Army Letters from an Officer s Wife 1871 1888

Author : Frances M. A. Roe
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On the Western Frontier with the U. S Army Some of the most valuable and endearing accounts of life on the nineteenth century American Western frontier have come from the pens of women authors. Among those several have been the wives of military men posted to the furthest reaches of the nation to protect settlers, assist in the Westward expansion that was 'Manifest Destiny' and to deal with wars against the indigenous Indian tribes who fought to maintain their own way of life. This book by Frances Roe is one such account. She married her husband, a young infantry officer newly graduated from West Point, Fayette Roe in 1871 and shortly after found herself turning her back on the cosseted Eastern life she had known and heading out to the Wild West. Her life with the colours took her to Montana Territory, to the Colorado lands of the Cheyenne and to Indian Territory. Frances Roe has left us a graphic view of army life in garrison, on campaign and in camp, in all its detail, as well as wonderfully described accounts of her adventures in the untamed and beautiful wilderness.

General Crook and the Western Frontier

Author : Charles M. Robinson
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General George Crook was one of the most prominent soldiers in the frontier West. General William T. Sherman called him the greatest Indian fighter and manager the army ever had. General Crook and the Western Frontier, the first full-scale biography of Crook, uses contemporary manuscripts and primary sources to illuminate the general's personal life and military career.

Regular Army O

Author : Douglas C. Mcchristian
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At once panoramic and intimate, Regular Army O! uses the testimony of enlisted soldiers--drawn from more than 350 diaries, letters, and memoirs--to create a vivid picture of life in an evolving army on the western frontier.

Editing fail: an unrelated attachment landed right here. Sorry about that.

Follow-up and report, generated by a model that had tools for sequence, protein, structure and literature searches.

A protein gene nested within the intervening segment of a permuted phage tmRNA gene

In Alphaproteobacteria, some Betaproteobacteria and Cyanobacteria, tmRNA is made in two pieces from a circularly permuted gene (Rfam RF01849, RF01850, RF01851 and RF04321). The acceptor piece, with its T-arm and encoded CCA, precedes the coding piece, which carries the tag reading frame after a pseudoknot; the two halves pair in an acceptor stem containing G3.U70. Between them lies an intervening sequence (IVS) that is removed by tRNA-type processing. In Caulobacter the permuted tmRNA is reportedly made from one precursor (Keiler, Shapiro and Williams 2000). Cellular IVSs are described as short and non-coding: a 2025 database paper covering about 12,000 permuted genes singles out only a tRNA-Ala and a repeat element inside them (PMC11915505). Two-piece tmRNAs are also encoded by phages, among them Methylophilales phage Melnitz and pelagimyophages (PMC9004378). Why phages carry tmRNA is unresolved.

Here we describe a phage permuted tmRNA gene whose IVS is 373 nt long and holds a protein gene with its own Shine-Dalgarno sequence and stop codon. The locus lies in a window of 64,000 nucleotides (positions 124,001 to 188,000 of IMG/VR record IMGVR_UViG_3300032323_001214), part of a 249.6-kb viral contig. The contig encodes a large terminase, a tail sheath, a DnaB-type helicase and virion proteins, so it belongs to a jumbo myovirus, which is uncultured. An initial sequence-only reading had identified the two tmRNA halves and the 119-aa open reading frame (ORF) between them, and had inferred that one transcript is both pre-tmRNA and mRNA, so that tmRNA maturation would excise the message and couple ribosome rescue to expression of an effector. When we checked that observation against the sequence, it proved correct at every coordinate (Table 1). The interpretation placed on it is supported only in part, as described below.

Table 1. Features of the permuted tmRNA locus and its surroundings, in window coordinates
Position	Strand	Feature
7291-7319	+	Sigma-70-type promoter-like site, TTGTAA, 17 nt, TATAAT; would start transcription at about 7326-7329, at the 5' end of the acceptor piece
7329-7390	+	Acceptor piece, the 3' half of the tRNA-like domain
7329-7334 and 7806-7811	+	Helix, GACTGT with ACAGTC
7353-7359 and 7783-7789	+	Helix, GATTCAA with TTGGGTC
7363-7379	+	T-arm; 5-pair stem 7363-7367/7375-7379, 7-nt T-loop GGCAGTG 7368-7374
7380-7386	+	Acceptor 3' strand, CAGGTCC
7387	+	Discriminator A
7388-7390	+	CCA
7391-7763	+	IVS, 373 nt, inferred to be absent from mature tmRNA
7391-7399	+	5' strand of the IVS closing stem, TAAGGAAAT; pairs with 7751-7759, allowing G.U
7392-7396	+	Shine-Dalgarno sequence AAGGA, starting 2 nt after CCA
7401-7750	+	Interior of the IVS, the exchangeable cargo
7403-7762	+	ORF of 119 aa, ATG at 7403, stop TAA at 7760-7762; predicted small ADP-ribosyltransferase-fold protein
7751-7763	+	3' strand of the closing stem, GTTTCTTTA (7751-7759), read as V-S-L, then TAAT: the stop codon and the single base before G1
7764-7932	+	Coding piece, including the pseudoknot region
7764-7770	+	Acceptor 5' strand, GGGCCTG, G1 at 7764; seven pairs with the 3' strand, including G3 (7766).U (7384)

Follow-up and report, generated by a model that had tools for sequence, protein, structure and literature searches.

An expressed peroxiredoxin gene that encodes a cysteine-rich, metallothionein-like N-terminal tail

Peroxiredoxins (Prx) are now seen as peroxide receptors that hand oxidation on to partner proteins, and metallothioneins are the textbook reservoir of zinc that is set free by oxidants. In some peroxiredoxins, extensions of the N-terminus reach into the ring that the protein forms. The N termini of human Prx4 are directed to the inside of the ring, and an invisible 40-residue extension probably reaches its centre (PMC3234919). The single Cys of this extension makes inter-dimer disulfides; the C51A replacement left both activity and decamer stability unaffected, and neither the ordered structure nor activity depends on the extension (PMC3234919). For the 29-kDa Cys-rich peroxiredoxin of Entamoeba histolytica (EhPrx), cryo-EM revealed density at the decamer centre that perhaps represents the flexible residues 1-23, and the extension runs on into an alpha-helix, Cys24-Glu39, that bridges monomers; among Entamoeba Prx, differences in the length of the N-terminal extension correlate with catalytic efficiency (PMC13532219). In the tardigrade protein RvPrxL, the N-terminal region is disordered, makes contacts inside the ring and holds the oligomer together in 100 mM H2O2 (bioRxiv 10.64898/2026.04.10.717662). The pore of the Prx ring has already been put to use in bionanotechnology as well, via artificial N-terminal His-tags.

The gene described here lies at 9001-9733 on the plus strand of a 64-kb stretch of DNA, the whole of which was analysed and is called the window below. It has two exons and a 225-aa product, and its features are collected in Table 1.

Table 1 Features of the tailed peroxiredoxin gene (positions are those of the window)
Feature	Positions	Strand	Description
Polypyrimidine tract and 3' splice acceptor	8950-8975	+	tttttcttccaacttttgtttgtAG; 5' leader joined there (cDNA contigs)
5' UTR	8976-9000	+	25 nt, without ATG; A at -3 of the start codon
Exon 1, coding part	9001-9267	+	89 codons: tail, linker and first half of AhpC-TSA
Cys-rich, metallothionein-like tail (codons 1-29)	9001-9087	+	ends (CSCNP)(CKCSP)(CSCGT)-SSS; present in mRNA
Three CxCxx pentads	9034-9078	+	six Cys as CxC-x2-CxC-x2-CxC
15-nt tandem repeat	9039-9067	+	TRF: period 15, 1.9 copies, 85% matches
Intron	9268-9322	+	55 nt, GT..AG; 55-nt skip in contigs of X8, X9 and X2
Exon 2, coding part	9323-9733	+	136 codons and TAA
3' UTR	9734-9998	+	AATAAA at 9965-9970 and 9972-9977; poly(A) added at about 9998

Fanny Dunbar Corbusier

Author : Fanny Dunbar Corbusier
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Born in Baltimore in 1838, Fanny Dunbar grew up in Louisiana to a family who survived the hardships of the Civil War. An intelligent, sensitive woman, Fanny experienced a radical life change when she met William Henry Corbusier, a Yankee officer and army surgeon. Her memoir recounts their subsequent forty-eight year marriage. The events of Fanny’s life are sometimes amusing but more often dramatic. The Corbusiers moved frequently, but Fanny made moving an art form, often selling all the family possessions to avoid high shipping rates. She learned to cope with primitive living conditions and harsh climates. She raised five sons at posts with no schools. But Fanny took her job as a mother seriously, providing her sons with a broad education and a nurturing home. Corbusier’s long life and her husband’s thirty-nine-year career in the army (recounted in his memoir Soldier, Surgeon, Scholar) allow the reader to experience the period between the Civil War and World War I in totality, including her exceptional memories of the Spanish-American War and the Philippine Insurrection. As the recollections of two people whose lives played out against a world panorama, Fanny and William’s memoirs together provide a rare opportunity to examine events of frontier military life from both male and female perspectives. "Mrs. Corbusier writes from the unique perspective of a surgeon’s wife, and we have a picture not only of an army wife, but of an army wife who saw many different aspects of frontier military life and frontier life in general."—Charles M. Robinson, author of General Crook and the Western Frontier and A Good Year to Die: The Story of the Great Sioux War "Of the memoirs penned by wives of nineteenth-century army officers, this is among the best and most detailed. The woman’s perspective of events that transpired in the Indian-fighting army is a much needed counterbalance to the male-dominated histories of these same events."—Darlis Miller, author of Mary Hallock Foote: Author-Illustrator of the American West Fanny Dunbar Corbusier was the career army wife of officer-surgeon William Henry Corbusier. Patricia Y. Stallard, retired federal civil servant and education specialist with the United States Navy Recruiting Command, is the author of Glittering Misery: Dependents of the Indian Fighting Army, published by the University of Oklahoma Press.

Scenes and Adventures in the Army

Author : Philip St. George Cooke
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Army Regulars on the Western Frontier 1848 1861

Author : Durwood Ball
File Size : 29.13 MB